By PrintAction Staff
By PrintAction Staff
More than 100 people attended PrintAction’s PrintForum conference held on Wednesday at the Mississauga Convention Centre, featuring four sessions and exhibitors Canon Canada (event sponsor), Delphax, Domtar, Grand Valley Direct, IMAC, Insource, PDS, Sydney Stone and Veritiv.
Following a session by PrintAction Editor Jon Robinson, Martin Habekost, Associate Chair of Ryerson’s Graphic Communications Management program, spent an hour discussing both digital- and conventional-printing trends at drupa. Habekost began his session, called Is It All Digital Now?, describing the highly positive atmosphere at drupa, which featured 1,837 exhibitors from 54 countries, 260,000 visitors from 188 countries (slightly down from 2012), and 1,900 journalists from 74 countries.
Gleaning statistics from drupa organizer, Messe Dusseldorf, Habekost noted some interesting post-drupa numbers from surveyed visitors, including: 29 percent placed orders during drupa, 30 percent are planning to place their orders after drupa, and 60 percent found new suppliers at drupa.
Habekost began his digital trends highlights by noting how inkjet print speeds are increasing and starting to reach offset speeds. Based on the amount of print applications highlighted at this year’s show, he also noted how inkjet inks can print on almost anything and more special inks are being developed for inkjet work. Habekost spent several minutes taking the crowd through key digital and offset developments, including an emphasis on the progress of Landa Digital, which expects to begin shipping its presses in 2017.
Habekost concluded his session by explaining how print is alive and coming back strong, as digital printing is making strong inroads into the offset print market, again with increased print speeds and high-quality output.
Nick Howard, President of Howard Graphic Equipment, presented the third session at PrintForum discussing how technological change is not new to the printing industry and shared his thoughts on how inkjet will impact the commercial printing industry. He also discussed the market for offset technologies (new and used) and what printers should consider when making investments. Howard explained LED curing, or similar hybrid variations, is a definite advance that all offset-perfecting printers should consider, as well as companies running straight configurations.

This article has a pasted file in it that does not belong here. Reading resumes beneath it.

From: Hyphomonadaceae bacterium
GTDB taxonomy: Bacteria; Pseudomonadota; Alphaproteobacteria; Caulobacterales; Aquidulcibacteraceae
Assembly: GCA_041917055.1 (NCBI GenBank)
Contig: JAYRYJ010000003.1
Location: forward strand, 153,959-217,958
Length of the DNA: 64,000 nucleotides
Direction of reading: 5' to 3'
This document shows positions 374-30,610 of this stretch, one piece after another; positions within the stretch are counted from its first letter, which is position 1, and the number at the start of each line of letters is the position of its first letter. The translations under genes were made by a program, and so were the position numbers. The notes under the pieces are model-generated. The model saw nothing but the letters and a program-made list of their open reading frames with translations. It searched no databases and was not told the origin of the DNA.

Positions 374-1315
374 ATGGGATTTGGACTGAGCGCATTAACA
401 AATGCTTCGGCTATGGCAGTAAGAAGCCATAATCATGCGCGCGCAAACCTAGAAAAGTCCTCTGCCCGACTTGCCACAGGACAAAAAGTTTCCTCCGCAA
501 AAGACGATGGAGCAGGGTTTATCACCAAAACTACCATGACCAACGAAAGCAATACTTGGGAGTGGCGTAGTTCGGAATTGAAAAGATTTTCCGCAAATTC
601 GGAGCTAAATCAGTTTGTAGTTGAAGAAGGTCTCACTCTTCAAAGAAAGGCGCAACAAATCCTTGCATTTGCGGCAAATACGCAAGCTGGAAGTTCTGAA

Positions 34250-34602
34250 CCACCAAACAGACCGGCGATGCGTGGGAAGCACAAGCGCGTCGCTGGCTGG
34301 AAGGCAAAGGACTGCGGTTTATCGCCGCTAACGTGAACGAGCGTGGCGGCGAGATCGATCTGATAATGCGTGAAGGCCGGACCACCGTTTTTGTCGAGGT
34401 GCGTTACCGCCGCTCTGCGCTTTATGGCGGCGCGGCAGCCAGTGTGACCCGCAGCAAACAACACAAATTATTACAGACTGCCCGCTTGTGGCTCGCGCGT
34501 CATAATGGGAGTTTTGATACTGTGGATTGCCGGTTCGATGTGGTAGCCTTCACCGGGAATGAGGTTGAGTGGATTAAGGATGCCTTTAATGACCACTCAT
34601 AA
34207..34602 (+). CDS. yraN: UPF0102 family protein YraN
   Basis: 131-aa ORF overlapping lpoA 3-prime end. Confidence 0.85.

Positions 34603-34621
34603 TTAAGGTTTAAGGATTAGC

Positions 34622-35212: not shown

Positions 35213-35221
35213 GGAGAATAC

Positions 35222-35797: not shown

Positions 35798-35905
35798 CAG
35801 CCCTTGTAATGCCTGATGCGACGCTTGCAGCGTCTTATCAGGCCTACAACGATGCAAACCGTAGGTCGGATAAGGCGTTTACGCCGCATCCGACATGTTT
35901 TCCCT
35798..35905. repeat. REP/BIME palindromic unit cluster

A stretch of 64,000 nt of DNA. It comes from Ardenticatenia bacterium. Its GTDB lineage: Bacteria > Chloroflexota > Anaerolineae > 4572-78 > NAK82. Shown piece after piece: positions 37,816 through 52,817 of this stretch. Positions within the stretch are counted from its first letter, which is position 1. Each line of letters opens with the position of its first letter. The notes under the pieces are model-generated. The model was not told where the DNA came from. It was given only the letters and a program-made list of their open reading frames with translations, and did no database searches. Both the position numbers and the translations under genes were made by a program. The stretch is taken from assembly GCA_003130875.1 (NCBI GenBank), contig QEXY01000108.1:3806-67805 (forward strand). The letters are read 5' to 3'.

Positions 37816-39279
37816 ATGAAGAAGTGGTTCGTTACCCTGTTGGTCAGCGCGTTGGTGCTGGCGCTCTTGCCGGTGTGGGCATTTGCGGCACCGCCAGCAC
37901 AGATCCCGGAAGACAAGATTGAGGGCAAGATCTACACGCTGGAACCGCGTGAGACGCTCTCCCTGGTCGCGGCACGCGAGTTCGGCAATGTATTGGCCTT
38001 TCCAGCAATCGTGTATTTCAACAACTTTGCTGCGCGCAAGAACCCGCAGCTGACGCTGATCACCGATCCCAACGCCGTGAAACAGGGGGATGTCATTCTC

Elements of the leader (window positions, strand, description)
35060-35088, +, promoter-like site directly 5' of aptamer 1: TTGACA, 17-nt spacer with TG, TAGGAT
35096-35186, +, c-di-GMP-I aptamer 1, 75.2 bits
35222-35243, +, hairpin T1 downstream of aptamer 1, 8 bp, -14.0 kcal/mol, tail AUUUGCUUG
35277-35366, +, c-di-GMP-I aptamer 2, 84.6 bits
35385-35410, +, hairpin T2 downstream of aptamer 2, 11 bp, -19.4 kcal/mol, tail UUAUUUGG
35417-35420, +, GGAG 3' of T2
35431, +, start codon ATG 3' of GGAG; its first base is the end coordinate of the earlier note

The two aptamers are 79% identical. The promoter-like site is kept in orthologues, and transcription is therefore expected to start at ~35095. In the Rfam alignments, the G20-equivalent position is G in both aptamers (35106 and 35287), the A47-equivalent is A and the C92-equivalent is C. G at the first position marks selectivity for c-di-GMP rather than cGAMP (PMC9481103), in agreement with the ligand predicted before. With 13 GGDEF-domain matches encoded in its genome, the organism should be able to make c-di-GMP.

The final conference session featured seven industry leaders discussing the state of production inkjet technologies, both web and cutsheet. The panelists included: Alec Couckuyt, Senior Director, Canon Canada, Professional Printing Solutions Group; Brad King, VP, Graphics Communications, Xerox Canada; Brent Moncrief, VP, Brand Management, Fujifilm North America Corporation, Graphic Systems Division; Edward Robeznieks, VP and GM, Production Printing, Ricoh Canada; Ray Fagan, Sheetfed Product Manager, Heidelberg Canada; Brian Forrester, Senior Sales Executive, Enterprise Inkjet Systems Division, Eastman Kodak; and Grant Robinson Business Development Manager at Delphax Technologies.
While all of the panelists have a natural interest in promoting the adoption of inkjet technologies, the group provided several examples for why in fact production inkjet technology has arrived in the printing industry. The group explained that the issue of inkjet speed relative to sheeted offset has largely been overcome, particularly when focusing an inkjet system toward suitable applications. The inkjet panel also described how inkjet quality has reached a level to meet most customer expectations, even as advances are still needed in inks and supporting substrates. The panel also opened up to dicuss the potential business models and investment rationale for investing in inkjet technologies.